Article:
Creating Relationship between Self-reliance and Active Regeneration

As I plan my garden spaces, as I clear scrub to make room for food producing plants I often find myself in an ethical dilemma. Part of me wants to honour mother earth, preserving the natural habitats I see around me. Another part of me knows that many of those native species on the land I care for do not support my human need for sustenance. How I balance these two conflicting needs will impact my decision moving forward.

after the removal of the invasive lily of the valley, this will become an herbal tea garden

Self-reliance without addressing the regeneration needs of the land I interact with will lead me to being a “user” of the land as so many of the destructive forces of economy do around the world today. I will become a part of the very problem I see as leading to the challenges we humans will inevitably face with climate change and the degradation of food producing lands. So repeating the same process even if on a smaller scale is not the answer. I have to seek and learn a different type of relationship with the land than what I am familiar with because of the exposure I have had up until now.

There are other ways of growing and creating enough abundance to live off the land that are in harmony with the natural forces. These are the practices I want to discover, to learn about and to bring into practice.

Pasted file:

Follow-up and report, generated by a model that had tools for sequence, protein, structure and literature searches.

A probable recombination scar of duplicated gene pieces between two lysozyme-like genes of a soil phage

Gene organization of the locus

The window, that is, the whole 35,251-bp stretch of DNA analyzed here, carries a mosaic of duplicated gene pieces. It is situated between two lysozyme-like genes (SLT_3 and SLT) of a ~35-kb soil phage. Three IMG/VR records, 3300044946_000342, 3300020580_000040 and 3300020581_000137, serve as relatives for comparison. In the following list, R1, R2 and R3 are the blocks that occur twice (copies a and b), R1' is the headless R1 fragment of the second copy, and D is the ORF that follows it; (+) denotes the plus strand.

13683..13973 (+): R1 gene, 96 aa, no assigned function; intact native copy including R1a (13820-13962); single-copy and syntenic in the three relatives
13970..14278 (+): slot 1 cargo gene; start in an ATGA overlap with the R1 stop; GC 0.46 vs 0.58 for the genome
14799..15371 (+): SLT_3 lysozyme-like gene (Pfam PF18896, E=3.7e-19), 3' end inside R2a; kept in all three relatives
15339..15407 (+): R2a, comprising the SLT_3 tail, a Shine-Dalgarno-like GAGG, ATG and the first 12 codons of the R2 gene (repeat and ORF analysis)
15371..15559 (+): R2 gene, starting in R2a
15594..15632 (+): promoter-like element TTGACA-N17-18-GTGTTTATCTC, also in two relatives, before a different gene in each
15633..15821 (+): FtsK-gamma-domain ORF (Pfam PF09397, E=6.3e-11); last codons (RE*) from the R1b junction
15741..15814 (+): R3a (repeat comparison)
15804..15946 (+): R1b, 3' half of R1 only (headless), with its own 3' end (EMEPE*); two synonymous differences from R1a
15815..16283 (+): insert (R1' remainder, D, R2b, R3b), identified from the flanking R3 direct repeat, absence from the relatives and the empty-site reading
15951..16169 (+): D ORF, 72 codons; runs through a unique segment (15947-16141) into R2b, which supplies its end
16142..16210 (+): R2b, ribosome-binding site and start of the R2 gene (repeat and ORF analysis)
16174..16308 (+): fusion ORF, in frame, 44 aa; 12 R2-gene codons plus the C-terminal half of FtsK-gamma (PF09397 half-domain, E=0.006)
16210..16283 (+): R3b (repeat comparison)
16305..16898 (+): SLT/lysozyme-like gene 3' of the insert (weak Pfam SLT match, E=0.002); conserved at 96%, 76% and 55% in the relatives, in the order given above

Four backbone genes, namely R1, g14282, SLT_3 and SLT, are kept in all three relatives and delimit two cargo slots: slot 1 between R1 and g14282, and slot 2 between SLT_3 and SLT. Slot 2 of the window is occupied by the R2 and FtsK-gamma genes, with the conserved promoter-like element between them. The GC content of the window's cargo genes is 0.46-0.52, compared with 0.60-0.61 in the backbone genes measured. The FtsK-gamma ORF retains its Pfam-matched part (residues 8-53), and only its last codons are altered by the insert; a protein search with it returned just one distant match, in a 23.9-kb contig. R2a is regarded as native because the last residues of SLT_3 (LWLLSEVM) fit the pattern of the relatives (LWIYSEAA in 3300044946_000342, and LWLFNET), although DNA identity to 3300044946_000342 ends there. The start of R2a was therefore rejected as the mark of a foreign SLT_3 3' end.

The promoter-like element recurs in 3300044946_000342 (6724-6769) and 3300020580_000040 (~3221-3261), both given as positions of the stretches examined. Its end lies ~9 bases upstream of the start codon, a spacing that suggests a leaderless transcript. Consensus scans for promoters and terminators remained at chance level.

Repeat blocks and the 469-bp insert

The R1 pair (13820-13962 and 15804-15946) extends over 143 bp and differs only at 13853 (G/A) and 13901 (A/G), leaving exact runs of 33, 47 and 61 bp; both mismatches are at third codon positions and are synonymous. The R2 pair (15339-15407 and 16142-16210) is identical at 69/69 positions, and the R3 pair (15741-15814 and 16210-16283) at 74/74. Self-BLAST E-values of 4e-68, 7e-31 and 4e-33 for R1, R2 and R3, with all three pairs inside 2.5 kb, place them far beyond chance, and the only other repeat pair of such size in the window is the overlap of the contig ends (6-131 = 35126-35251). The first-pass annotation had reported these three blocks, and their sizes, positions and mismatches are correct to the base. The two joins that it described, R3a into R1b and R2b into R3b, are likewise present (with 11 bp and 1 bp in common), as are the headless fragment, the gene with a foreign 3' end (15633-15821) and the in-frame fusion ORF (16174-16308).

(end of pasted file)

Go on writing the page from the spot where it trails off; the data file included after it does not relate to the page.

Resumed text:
Today I read this article on the druid garden web site (https://druidgarden.wordpress.com/2015/08/14/healing-hands-replanting-and-regenerating-the-land-as-a-spiritual-and-sacred-practice/) which gives me some idea that the practices that I have been planning to introduce into my garden actually fall into the regenerative category. I want to be instrumental in bringing native plants typically associate with foraging into my permaculture / forest garden. I want to create a landscape that is conducive to the wildlife in my area while at the same time being able to harvest foods for my table. I want to oversee the removal of the last of the pines that were planted after the deforestation of the native woodlands and replace them with a mix of native trees and fruit bearing trees.

I realize I have more research and studies to do, but I am heartened to know that I am on the right path because I am aware of the concerns and have a desire to learn and do better.

Renate Dundys Marrello

2021–01–17
Reflections on Life after Retirement